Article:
Sunday, August 21, 2011

A very interesting article on financial “irrationality”

I read quite a few articles on the economy and the economic crisis. Most of them seem soberly written, and pretend to be analyzing the situation in informed, rational ways. And most of them show little understanding of why we are in an economic abyss and do not seem to be able to predict the future accurately. These articles perhaps seem convincing because they are, on the surface at least, apparently rationally written.

Only very, very few acknowledge the irrationality of the system. How could a system, devised by whizz-kid mathematicians employed by major banks and financial institutions be so irrational? After all, before they answer your questions, these kids grab the slide ruler or its modern equivalent to give you a precise, rational, answer.

An excellent article by Danny Schecter is a refreshing departure, because it acknowledges explicitly that the financial system is driven by greed and fear and arrogance. Greed and fear are emotional states that are difficult to analyze rationally. As I have argued here before, greed and its pursuit are very likely accompanied by de-activation of large parts of the brain, and specifically the parts concerned with judgment. Hence the actions and decisions taken by those in this state – especially when the prize is untold riches – is considered irrational, at least when analyzed by people who are not themselves in that state.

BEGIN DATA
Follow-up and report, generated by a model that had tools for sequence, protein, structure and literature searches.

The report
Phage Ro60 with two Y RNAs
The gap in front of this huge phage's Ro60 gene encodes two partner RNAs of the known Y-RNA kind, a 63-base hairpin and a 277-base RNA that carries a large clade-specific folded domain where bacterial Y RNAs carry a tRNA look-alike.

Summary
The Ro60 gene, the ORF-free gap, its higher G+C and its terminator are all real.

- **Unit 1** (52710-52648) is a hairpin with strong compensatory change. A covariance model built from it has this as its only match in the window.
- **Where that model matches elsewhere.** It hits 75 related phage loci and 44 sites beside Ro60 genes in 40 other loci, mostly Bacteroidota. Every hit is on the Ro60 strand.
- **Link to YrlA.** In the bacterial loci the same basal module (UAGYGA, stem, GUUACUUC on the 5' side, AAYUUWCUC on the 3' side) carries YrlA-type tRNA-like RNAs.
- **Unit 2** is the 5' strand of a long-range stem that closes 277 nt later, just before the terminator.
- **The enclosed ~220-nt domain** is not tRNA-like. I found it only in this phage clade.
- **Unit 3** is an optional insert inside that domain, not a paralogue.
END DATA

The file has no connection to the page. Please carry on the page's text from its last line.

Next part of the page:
But is it really irrational? Yes, if you judge it by the standards of rational judgment. But I think that emotional behaviour has its own logic and rationality, which we commonly fail to understand, precisely because we analyze it with our rational brains.

But no, they are not irrational, if judged by other standards. Would one financial wizard, consumed by greed, consider it irrational when another financial wizard, equally consumed by greed, sells sub-prime mortgages to make fat profits? In the greed world, there is nothing irrational about that. And recent history proves it. Those actions evidently received wholesale approval. Nor was this approval restricted to the financial wizards. Those who bought the mortgages were probably equally consumed by the dream of rich profits, with minimal outlay.

If you think about it, there is nothing really irrational when someone consumed by greed behaves in unethical ways provided that he is rewarded, at least periodically. And of course, he would do it again and again, even after he fails, because in greedy states the cognitive, judgmental parts of the brain are inactive.

This is not unlike the brain system regulating romantic relationships. In phases of intense, passionate love, it appears as if large parts of the brain are inactive. Hence lovers often behave as if they have taken leave of their senses. But in fact, their conduct makes biological sense.

Neurobiologists have for a long time emphasized brain activity when we undertake particular tasks or are in particular states. Perhaps the time has come to give equal emphasis to brain de-activation when we undertake particular tasks or are in particular states.


Stephanie said...

Mmmm. Interesting in so many ways. Do you know Aristotle? Seneca? - I'm sure you do.....There's a pocket-sized translation (I know you probably read him in Greek) "Life is long if you know how to live it" which has transformed the mental life of my 18-year-old son, immersed as he is, willy-nilly, in the teen world of trainers & Blackberrys, brand-names and online games. He's found a new, wise friend talking to him from the mists of antiquity....

S.Z. said...

Delighted to learn that the wisdom of antiquity has intruded so early on!
But you flatter me: I wish I could read in the original Greek (I mean ancient Greek), but I cannot. I gather that Plato, especially, is far better in the original, rather than the modern, Greek